I visited the Kaffe Fasset exhibition at the Fashion and Textile Museum. The quilts truly looked like paintings from a distance.

I was very taken with the coat, but know that my quilting skills aren’t up to it, although I was excited to realise that Kaffe uses the same sewing machine as I have, although mine is missing the special decoration and the extra stitches. Perhaps that’s why my quilting isn’t up to standard!

No trip to London is complete without spending many hours at the Natural History Museum. It’s one of the finest buildings in London, in my opinion, and it is full of interest and wonder.

The fossilised wood is from Tasmania and is from the paleogene period, and the rock is from Western Australia, and is 2.6billion years old. The coloured bands show the dramatic increase in admospheric oxygen, which was critical for the evolution of life. I was thrilled to meet Dippy the Dinosaur, who lived 150m years ago, in the jurassic period, and was found in pieces in Wyoming, USA. Dippy is made from a cast taken from the fossilised bones discovered by railway workers. Andrew Carnegie bought the bones, made the cast and donated it to the museum. It has been on display for 100 years and recently completed a tour of the UK. The children in the museum were so engaged in all the exhibits, but especially Dippy. My apologies that some of the photos are dark, but you can still see the amazing tail.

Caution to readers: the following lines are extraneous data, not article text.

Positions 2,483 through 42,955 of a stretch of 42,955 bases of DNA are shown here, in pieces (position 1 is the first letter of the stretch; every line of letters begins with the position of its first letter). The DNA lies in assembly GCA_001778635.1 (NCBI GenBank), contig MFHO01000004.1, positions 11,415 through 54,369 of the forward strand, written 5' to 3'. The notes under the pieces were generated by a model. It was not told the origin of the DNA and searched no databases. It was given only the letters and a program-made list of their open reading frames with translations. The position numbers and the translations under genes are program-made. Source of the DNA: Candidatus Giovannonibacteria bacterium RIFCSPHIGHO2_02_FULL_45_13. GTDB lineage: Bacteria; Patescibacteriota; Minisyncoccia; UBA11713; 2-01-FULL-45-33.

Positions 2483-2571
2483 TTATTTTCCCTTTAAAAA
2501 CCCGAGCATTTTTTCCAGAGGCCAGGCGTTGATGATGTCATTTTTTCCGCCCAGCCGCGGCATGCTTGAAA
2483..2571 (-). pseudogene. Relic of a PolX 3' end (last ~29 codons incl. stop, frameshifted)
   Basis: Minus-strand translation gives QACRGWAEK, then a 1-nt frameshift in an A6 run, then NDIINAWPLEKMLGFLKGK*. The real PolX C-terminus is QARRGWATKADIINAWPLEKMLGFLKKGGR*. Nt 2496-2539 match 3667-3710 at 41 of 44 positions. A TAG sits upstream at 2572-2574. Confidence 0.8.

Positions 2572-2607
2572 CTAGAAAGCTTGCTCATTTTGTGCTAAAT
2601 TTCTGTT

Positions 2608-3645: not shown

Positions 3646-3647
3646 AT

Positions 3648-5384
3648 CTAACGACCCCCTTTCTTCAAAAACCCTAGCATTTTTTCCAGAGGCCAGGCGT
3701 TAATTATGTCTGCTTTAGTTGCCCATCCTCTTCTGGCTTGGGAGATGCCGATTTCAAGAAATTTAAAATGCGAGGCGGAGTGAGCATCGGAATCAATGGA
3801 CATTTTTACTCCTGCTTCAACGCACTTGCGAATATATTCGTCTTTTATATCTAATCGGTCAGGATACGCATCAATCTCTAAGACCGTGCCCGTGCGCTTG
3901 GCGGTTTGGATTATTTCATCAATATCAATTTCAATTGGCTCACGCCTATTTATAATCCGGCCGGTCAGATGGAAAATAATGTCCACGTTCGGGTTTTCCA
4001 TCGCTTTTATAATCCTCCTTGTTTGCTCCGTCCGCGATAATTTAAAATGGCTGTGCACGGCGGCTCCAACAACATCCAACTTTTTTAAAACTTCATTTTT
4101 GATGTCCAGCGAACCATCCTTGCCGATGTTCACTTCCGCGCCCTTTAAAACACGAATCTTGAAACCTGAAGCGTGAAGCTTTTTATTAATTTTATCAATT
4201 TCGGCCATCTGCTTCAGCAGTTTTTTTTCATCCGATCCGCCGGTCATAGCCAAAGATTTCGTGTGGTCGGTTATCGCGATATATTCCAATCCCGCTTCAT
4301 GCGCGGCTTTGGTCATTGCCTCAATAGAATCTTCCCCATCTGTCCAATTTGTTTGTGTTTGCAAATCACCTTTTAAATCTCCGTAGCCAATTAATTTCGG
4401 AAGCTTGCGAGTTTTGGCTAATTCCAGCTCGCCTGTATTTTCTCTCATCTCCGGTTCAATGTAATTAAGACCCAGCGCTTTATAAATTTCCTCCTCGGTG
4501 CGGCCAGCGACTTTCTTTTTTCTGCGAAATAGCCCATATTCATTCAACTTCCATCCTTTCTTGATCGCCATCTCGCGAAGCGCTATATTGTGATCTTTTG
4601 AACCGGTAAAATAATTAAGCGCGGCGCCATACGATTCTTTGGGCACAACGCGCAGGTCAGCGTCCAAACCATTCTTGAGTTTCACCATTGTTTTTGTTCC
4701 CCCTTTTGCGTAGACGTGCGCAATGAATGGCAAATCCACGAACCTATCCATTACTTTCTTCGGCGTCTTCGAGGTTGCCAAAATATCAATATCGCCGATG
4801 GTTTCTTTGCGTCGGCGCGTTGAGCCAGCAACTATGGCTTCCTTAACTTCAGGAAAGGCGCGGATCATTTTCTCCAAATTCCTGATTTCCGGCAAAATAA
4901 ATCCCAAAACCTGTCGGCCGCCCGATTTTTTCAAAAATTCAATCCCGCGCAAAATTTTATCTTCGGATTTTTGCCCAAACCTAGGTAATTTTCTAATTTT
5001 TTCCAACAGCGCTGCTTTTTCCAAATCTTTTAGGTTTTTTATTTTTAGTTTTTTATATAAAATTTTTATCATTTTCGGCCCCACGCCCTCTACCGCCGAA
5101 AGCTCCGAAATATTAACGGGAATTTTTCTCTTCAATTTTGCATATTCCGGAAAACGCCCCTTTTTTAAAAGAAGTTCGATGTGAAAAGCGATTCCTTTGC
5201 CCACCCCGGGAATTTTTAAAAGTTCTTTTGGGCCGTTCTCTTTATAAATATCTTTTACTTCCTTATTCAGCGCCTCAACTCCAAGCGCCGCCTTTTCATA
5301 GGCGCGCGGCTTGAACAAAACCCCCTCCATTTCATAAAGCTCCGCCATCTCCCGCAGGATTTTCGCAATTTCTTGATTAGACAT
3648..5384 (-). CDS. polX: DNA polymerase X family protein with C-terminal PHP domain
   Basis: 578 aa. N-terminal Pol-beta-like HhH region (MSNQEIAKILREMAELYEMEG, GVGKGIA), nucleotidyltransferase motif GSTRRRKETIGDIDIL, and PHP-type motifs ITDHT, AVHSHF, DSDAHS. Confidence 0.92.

The last photo is of a slice of tree which was 1335 years old.

I was looking for interesting things near where my step-daughter lives when I found Shepherdess Walk in Hoxton, which contains some amazing mosaics. They are actually in a park, but the most exciting way of getting to see them is via a little alleyway through houses, which follows the path that the shepherds and shepherdesses walked their sheep to graze.